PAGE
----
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ANTH 2050 Ch 1 Key Terms Notes

World Archeology
Ch. 1 Key Terms
in situ: archaeological material is considered to be in situ when it is
found in the place where it was originally deposited
survey: an archaeological survey maps the physical remains of human
geographical information systems (GIS): software applications that
allow spatial data to be brought together and consolidated
horizontal excavation: an excavation for which the goal is to excavate a
broad area in order to expose the remains of a single point in time
vertical excavation: an excavation for which the goal is to excavate a
significant depth of deposits in order to expose the record of a
sequence of occupation
law of superposition: in any undisturbed depositional sequence, each
layer of sediments is younger than the layer beneath it
strata: discrete layers in a stratigraphical sequence
anthropogenic deposits: deposits that result from human activity.
Human activities range from building fires on ephemeral huntergatherer campsites to erection the palaces and fortifications of great
depositional unit: the material deposited at a site at a particular point
in time
provenience: the precise context in which an object is recovered in an
datum point: the linchpin for the control of excavation. It serves as a
reference point for all depth measurements on the site
wet screening: the process of spraying water onto a sieve to break up
sediments and move them through the mesh to make sure that all
artifacts are recovered during an excavation
flotation: the process used to recover botanical material (wood and
seeds) which involves mixing sediments vigorously in water. In the
process, charred remains of seeds and wood float to the surface while
the mineral sediments setter to the bottom. The charred botanical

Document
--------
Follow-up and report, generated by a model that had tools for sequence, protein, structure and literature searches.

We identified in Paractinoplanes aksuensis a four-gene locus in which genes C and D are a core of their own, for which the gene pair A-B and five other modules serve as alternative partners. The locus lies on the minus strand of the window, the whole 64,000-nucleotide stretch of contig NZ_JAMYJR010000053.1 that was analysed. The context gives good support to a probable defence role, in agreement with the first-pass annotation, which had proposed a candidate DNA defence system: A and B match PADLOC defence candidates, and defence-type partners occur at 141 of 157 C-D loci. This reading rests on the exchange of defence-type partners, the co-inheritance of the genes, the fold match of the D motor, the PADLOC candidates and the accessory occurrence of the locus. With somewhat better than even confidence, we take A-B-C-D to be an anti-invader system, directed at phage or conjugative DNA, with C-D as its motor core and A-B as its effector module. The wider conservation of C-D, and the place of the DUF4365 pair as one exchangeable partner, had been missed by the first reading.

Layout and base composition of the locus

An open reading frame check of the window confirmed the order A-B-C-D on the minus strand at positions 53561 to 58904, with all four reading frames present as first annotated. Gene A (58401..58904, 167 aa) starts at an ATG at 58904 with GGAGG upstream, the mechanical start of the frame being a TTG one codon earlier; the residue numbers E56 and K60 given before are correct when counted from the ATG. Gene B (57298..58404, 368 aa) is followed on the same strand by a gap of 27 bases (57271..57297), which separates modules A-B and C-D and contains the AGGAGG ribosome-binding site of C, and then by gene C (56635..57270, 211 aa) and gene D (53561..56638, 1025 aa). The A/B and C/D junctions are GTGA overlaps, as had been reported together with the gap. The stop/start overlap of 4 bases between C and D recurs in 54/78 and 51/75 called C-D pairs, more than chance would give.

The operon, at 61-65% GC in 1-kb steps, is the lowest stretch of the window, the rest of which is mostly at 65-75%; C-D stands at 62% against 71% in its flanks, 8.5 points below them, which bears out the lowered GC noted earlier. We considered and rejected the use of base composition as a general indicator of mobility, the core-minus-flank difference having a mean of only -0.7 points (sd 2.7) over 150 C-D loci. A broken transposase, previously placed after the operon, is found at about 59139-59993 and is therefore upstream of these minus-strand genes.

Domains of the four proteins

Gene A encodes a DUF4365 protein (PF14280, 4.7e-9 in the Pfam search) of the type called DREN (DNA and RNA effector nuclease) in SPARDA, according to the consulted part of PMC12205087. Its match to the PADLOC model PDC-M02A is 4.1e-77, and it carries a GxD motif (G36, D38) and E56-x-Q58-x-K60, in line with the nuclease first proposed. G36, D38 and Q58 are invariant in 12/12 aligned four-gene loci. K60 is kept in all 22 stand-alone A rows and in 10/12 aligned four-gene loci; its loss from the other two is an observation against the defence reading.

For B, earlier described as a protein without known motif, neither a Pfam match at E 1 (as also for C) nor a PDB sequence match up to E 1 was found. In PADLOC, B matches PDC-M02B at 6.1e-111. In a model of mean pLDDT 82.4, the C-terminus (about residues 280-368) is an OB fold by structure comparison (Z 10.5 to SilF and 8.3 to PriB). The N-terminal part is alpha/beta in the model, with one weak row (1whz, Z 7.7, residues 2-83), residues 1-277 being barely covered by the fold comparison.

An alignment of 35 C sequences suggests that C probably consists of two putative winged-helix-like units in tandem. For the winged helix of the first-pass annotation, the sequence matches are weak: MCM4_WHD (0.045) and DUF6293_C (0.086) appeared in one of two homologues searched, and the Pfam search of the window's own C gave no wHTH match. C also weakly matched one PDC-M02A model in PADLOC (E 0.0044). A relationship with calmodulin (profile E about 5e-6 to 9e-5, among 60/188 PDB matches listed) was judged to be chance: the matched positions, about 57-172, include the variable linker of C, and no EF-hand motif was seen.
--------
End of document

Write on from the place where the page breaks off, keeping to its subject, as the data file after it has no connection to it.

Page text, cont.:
material can them be skimmed off and dried for analysis
artifacts: objects that show traces of human manufacture
ecofacts: objects recovered from an archaeological context that are
either the remains of biological organisms or the results of geological
postdepositional processes: events that take place after a site has been
taphonomy: the study of the processes that affect organic remains
after death
quantification: methods used by archeologists to represent the large
quantities of material recovered in excavations and surveys
typology: a list used to draw up an inventory of types of artifacts found
by archaeologists in a particular archaeological context
attribute: a particular characteristic of an artifact
absolute chronology: a chronology stated in terms of calendar years
relative chronology: a chronology that places assemblages in a
temporal sequence not directly linked to calendar dates
seriation: the method of comparing the relative frequency of artifact
types between contexts
intrasite: having to do with contexts within a single site—for example,
an analysis comparing the sizes and contents of different houses to try
to determine the social structure of a society
intersite: comparisons between two or more sites—for example, an
analysis comparing the number of houses between sites in a region
synchronic studies: studies that make comparisons within the single
diachronic studies: studies that make comparisons between different
periods and look at processes of change through time